Online Prison Records. These sites may include inmate photos of their booking photo.
Extremely violent or shocking crimes may be printed in more than one newspaper and may not be confined to the local area.
Outcome of trials and hearings. Sometimes, the outcome of the trial can lead to further information. In the information that I had about my family member, it was mentioned who was in the courtroom when the verdict was read. This was very useful information. I learned of his sentence and where he would be incarcerated at. (Even though the events I was reading about were decades old, it was very helpful to me to be able to follow his path in case there were other places of incarceration to look into.)
Hospitalizations and illness. Medical records may have vital medical records information. My relative was in and out of the hospital all of the time for a lot of similar issues. It was helpful to me when I was writing about my medical information to be able to include the knowledge that I was able to glean from medical records.
Good Luck in your search and also know that certain sites online have a lot of good information and records of incarcerated people. I will be including those links in an article this winter.
Have a great search and let me know how you found this information to be helpful to you.
Here is a Halloween Eve Challenge for all of you.
Think of all of the "skeletons in your closet". You know, the black sheep, the convicts, the spicy ones. Do you have those in mind?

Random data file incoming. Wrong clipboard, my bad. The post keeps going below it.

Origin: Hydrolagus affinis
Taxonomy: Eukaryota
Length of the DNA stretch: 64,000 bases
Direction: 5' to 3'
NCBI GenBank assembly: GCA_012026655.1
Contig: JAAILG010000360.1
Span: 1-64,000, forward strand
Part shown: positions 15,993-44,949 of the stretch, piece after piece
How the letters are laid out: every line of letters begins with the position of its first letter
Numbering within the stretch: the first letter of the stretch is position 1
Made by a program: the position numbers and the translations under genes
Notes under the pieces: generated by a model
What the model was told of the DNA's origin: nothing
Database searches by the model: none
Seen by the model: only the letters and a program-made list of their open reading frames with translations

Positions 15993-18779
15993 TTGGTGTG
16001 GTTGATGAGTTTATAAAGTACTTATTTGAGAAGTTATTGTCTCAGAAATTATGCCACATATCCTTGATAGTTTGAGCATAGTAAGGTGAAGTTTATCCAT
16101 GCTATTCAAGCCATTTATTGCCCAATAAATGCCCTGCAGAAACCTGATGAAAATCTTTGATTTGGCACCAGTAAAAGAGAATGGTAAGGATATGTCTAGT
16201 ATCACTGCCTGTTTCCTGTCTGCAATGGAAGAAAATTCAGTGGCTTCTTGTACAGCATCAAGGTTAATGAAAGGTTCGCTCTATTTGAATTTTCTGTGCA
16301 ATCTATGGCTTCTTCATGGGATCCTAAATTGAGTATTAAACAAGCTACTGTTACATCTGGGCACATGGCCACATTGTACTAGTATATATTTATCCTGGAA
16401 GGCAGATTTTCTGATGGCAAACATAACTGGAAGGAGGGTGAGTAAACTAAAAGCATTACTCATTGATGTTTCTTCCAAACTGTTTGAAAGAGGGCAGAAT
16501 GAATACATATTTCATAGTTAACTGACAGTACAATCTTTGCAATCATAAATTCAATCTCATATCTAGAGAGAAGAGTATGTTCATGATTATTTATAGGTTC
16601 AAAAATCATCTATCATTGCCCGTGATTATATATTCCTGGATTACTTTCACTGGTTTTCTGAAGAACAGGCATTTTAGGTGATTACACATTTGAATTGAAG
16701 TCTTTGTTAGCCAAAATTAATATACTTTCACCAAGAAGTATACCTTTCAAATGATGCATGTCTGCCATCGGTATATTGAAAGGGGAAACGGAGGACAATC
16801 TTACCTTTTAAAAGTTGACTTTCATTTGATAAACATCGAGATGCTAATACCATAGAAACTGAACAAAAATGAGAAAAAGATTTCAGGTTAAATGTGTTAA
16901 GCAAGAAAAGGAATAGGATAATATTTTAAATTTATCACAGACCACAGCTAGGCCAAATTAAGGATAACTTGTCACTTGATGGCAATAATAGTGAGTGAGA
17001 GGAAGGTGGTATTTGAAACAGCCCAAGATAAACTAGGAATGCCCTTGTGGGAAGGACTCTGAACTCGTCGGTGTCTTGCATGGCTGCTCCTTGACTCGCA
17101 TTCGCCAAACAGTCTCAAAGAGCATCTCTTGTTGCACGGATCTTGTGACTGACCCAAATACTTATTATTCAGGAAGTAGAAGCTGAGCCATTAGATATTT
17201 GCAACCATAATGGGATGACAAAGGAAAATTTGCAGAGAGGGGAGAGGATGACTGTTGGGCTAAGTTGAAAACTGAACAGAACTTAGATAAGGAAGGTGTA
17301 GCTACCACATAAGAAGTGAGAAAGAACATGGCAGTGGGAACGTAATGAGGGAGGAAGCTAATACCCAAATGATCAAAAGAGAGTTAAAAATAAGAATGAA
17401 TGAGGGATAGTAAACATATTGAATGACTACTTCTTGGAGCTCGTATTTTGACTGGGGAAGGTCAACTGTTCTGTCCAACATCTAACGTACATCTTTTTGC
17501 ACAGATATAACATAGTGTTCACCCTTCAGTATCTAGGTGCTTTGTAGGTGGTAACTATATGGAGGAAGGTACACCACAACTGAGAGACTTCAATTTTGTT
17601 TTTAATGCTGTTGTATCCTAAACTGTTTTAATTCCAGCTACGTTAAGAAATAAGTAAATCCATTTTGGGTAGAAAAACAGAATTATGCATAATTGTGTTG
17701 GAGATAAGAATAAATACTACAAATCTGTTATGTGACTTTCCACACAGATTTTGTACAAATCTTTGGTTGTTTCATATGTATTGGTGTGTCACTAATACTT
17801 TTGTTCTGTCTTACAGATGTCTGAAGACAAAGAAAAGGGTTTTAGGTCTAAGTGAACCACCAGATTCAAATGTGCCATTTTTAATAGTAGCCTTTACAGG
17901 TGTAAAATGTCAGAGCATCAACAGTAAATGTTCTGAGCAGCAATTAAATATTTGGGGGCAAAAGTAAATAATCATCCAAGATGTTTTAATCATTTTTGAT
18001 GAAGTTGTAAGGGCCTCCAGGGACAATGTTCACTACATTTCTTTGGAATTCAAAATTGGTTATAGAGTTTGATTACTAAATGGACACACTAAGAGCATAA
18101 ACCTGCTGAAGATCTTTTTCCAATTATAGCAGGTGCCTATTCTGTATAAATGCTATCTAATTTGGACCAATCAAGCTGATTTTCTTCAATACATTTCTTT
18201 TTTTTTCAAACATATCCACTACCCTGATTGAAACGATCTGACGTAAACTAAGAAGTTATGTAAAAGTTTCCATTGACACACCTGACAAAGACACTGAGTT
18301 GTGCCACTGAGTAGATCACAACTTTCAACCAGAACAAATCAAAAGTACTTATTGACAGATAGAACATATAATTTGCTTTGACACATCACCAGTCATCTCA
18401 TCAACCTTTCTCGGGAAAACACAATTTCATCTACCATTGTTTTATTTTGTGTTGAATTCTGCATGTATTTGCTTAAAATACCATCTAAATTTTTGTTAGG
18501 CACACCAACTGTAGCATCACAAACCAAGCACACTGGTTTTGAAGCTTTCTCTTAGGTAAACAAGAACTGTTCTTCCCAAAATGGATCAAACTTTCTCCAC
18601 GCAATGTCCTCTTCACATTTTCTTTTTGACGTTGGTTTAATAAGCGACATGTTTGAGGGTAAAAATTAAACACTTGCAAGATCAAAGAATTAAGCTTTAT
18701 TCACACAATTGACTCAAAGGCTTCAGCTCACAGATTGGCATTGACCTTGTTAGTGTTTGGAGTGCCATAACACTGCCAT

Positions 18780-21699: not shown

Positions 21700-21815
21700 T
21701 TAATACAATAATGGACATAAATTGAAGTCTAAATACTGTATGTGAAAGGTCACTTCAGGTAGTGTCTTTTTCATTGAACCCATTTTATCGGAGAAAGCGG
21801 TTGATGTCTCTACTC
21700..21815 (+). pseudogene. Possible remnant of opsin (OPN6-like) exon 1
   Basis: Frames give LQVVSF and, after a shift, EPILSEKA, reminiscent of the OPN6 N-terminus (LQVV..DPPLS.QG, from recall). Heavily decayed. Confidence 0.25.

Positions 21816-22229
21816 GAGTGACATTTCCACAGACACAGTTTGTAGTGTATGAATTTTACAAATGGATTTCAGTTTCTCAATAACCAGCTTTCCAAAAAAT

Let me help with some examples.
Anyone that was arrested, fined, jailed, did any time at all. They should be on your list.
Anyone who had babies that they placed for adoption. Anyone that was placed for adoption. (Nothing wrong with adoption, I am in that triangle at all sides, but there was a time when there was a lot of shame going on.)
Anyone who was a ward of the state, the court, the city. Anyone who resided in an orphanage, a county home or anything that was not a familial home.
Anyone who had children out of wedlock and parented them.
Anyone who died from anything unusual. (gunshot wounds, knife wounds, abortions, unusual injuries.)
Anyone who was involved in unusual car accidents. (Car versus train. Car versus river or bed of water, car versus horse, etc.)
Anyone who was committed to a sanitarium or asylum.
Anyone who was a fugitive of justice.
Anyone who left their country on the run and came to a different country.
Anyone who was in a debtors prison.
These are only some of the reasons that a person might have a record for you to look for. If you have heard stories, see if looking them up online is something that you are available to do. You could uncover amazing amounts of information about a person who is a relative. I found a grandparent's records for when he was in prison. It listed his physical appearance, home address, next of kin, what his charges were and how he behaved in prison as well as accounts of money coming in and going out of his bank account there in prison.
Additionally, when he was deceased, that was also listed, as well as the exact date and what he died of. Those records were very valuable for breaking down a brick wall in research. Share your brick wall stories with me at PirateDixie@gmail.com
I write a lot about genetic genealogy, family trees, DNA, and home life as well as the occasional product review. Comments? Email me at CocktailsAndSwagger@Hotmail.com